The experiment indicates the possibility of using driving simulators for evaluation purposes. This implies that studies of the benefits can be performed with higher accuracy regarding repeatability and evaluation testing of active safety functions can be made more cost efficient and without jeopardizing safety of involved driver and other road-users.
The experiment was designed for studying the effects of ESC presence in critical situations. To cover both roll and yaw instability, a closing curve and moose scenarios, were included in the experiment. Due to the limitation to 16 test subjects, a within group design was preferred, i.e. an experimental design where all test subjects would drive both with and without ESC activated, experiencing both driving scenarios with both conditions.
This study was conducted with professional truck drivers that must be taken for highly skilled drivers which most likely makes it harder to design realistic driving scenarios where the driver has a 'loss of control' situation compared to passenger car drivers used in similar ESC simulator experiments. Overall, the subjective criticality estimates are rather low, and 'potential loss of control' was reached only in 28 per cent of curve situations and 22 per cent of moose situations. In future experiments, the scenarios should be tuned more aggressively.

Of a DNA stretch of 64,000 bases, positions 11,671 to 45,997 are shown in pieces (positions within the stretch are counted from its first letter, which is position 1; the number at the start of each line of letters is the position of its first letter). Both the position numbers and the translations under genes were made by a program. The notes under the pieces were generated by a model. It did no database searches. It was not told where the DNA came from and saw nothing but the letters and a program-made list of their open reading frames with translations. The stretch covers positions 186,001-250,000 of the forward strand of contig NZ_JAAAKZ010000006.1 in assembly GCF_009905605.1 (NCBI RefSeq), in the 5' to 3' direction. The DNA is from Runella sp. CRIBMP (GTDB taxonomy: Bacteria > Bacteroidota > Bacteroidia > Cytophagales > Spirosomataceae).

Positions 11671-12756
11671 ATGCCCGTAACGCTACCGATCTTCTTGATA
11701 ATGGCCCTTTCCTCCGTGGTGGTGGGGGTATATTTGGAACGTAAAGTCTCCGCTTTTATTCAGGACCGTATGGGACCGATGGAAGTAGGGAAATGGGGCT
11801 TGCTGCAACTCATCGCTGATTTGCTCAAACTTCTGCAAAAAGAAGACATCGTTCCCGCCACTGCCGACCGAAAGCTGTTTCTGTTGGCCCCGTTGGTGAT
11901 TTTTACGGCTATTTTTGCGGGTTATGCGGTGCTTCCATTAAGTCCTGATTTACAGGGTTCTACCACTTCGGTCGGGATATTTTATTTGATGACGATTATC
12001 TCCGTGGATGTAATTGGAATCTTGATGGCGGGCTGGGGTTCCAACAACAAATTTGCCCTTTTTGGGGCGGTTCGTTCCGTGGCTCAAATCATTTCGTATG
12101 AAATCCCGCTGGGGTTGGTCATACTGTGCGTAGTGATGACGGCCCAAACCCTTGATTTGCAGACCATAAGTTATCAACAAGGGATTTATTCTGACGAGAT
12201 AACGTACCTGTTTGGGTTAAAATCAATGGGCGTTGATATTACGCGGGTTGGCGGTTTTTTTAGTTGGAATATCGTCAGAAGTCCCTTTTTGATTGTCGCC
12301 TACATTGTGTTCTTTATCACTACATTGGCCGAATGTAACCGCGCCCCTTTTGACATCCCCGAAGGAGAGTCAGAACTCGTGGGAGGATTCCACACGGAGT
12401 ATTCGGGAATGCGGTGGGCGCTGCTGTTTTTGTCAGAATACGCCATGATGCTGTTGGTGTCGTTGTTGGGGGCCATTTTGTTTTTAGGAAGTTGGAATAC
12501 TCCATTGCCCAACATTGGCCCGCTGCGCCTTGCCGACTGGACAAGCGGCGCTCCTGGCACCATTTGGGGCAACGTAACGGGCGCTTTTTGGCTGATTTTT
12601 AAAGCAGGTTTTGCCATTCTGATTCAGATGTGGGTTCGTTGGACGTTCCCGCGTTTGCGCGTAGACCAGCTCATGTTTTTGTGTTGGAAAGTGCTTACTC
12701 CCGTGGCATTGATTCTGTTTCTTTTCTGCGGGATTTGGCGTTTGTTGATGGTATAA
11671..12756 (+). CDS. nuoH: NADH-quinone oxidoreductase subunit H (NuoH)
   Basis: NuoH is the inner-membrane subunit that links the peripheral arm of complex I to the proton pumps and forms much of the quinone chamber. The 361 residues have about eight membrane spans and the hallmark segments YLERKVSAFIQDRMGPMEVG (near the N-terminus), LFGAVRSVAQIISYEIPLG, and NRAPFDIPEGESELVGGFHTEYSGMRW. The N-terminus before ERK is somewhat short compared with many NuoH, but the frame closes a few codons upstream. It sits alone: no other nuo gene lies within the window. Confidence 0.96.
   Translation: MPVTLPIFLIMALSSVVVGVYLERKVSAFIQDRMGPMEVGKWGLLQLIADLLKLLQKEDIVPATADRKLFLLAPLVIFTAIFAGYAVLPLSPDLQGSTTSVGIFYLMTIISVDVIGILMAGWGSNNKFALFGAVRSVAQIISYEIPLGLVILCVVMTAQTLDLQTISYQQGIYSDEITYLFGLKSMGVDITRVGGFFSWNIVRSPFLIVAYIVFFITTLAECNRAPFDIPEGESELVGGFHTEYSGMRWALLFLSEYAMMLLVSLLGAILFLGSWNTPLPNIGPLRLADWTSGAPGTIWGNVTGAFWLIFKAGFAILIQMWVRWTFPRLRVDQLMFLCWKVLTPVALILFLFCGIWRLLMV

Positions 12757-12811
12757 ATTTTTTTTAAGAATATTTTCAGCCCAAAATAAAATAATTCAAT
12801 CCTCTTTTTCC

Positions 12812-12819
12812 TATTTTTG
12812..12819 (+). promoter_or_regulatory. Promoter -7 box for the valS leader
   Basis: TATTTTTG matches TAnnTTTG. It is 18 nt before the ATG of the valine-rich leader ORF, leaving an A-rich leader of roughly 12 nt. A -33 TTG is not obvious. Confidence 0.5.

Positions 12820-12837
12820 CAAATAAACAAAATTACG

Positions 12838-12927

N. Dela, L. Laine, F. Bruzelius, H. Sehammar, L. Renner, G. Markkula and A. Karlsson. A pilot evaluation of using large movement driving simulator experiments to study driver behaviour influence on active safety systems for commercial heavy vehicles. Proccedings of 21st International Symposium on Dynamics of Vehicles on Roads and Tracks (IAVSD'09). Stockholm, Sweden, 2009.